Pima Community College should come off probation because it has made "significant progress" on the issues facing it, an accrediting evaluation team has recommended.
College officials released the evaluation team's report Tuesday in Tucson.
The school has been on probation and in danger of losing its accreditation since April 2013.
An evaluation team from the Higher Learning Commission, which accredits Pima and other colleges, submitted the recommendation, saying the school should be put "on notice" and closely monitored to make sure it implements needed changes and sticks to them in the long term.
Pima's probation was driven by problems with its former chancellor, Roy Flores, who was accused of sexual harassment, intimidation and fiscal mismanagement. Pima's publicly elected Board of Governors was criticized for not providing appropriate governance and for going along with Flores on many issues.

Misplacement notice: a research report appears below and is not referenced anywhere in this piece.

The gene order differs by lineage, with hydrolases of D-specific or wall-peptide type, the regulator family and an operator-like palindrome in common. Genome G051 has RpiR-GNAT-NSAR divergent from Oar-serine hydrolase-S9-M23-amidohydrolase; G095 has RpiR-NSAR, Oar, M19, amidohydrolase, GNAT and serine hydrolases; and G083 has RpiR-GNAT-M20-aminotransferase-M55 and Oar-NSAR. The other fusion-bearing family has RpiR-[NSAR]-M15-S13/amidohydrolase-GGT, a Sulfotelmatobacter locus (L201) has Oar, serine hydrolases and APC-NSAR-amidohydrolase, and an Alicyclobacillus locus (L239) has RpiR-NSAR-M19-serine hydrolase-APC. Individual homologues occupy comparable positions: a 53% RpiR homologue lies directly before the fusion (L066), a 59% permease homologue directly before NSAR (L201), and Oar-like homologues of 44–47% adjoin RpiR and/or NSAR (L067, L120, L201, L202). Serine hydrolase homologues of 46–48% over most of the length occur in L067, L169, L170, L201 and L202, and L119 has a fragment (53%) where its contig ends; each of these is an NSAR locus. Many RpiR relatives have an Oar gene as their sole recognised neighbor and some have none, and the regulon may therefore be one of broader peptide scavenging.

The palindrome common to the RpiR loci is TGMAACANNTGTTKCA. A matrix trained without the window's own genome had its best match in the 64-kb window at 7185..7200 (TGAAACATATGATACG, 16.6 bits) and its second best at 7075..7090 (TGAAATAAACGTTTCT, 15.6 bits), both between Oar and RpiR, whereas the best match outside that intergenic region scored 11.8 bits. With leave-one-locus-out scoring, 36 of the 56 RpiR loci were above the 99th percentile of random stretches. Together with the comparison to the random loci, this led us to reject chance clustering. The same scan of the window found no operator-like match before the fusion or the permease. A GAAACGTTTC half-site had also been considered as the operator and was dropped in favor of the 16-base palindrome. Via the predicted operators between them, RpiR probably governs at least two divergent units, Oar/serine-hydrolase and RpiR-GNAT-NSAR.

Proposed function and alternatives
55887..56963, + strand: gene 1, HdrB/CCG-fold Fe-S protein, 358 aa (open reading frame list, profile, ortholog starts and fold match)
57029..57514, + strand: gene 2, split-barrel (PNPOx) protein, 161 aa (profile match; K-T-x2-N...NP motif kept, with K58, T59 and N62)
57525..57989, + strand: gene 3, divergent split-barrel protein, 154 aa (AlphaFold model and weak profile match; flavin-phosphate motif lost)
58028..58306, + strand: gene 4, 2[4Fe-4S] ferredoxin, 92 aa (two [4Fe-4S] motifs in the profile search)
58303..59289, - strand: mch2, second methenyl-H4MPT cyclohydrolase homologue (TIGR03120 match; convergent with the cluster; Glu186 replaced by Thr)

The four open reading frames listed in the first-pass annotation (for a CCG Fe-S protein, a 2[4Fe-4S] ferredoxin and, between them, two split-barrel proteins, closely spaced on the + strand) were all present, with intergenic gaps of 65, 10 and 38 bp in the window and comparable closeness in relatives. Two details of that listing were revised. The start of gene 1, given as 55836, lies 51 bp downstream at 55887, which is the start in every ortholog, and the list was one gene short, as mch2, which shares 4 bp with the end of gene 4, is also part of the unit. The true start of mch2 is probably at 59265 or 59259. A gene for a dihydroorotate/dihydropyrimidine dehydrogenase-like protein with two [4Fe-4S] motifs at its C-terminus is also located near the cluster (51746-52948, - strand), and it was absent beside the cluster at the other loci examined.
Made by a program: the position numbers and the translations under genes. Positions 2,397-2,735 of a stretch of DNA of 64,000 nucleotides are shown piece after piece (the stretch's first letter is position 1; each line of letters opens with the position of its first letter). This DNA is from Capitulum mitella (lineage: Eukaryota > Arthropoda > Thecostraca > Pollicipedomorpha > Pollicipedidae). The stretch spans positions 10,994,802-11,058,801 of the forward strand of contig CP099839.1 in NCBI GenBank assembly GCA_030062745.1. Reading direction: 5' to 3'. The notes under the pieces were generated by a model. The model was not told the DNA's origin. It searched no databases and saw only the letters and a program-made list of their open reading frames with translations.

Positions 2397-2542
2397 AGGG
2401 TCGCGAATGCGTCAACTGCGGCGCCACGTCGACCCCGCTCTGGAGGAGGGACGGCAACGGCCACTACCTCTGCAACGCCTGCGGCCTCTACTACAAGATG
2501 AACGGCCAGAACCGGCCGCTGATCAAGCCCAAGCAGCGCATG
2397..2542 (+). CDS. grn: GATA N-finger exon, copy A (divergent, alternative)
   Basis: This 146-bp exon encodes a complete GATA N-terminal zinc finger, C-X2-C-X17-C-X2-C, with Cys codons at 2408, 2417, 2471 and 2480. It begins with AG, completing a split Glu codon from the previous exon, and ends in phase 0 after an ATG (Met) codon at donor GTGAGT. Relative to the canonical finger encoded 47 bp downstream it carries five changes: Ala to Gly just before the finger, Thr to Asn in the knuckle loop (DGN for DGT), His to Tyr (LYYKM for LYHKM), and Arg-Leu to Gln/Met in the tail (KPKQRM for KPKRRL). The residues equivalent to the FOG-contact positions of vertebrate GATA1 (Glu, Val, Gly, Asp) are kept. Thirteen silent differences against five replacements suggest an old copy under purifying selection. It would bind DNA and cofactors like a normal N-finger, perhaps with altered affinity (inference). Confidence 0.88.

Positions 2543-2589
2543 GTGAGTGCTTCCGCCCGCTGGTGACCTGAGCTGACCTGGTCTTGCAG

Flores took medical leave and then retirement in early 2013.
Lee Lambert was hired in the summer of 2013 to lead the college out of probation and get its accreditation renewed. Lambert has led a series of teams looking at nearly every aspect of the school's operations over the last 17 months.
He has said repeatedly that he was confident in the progress being made and expecting it to lead to a lifting of probation.
The college has five Tucson campuses and has seen a significant enrollment decline in recent years.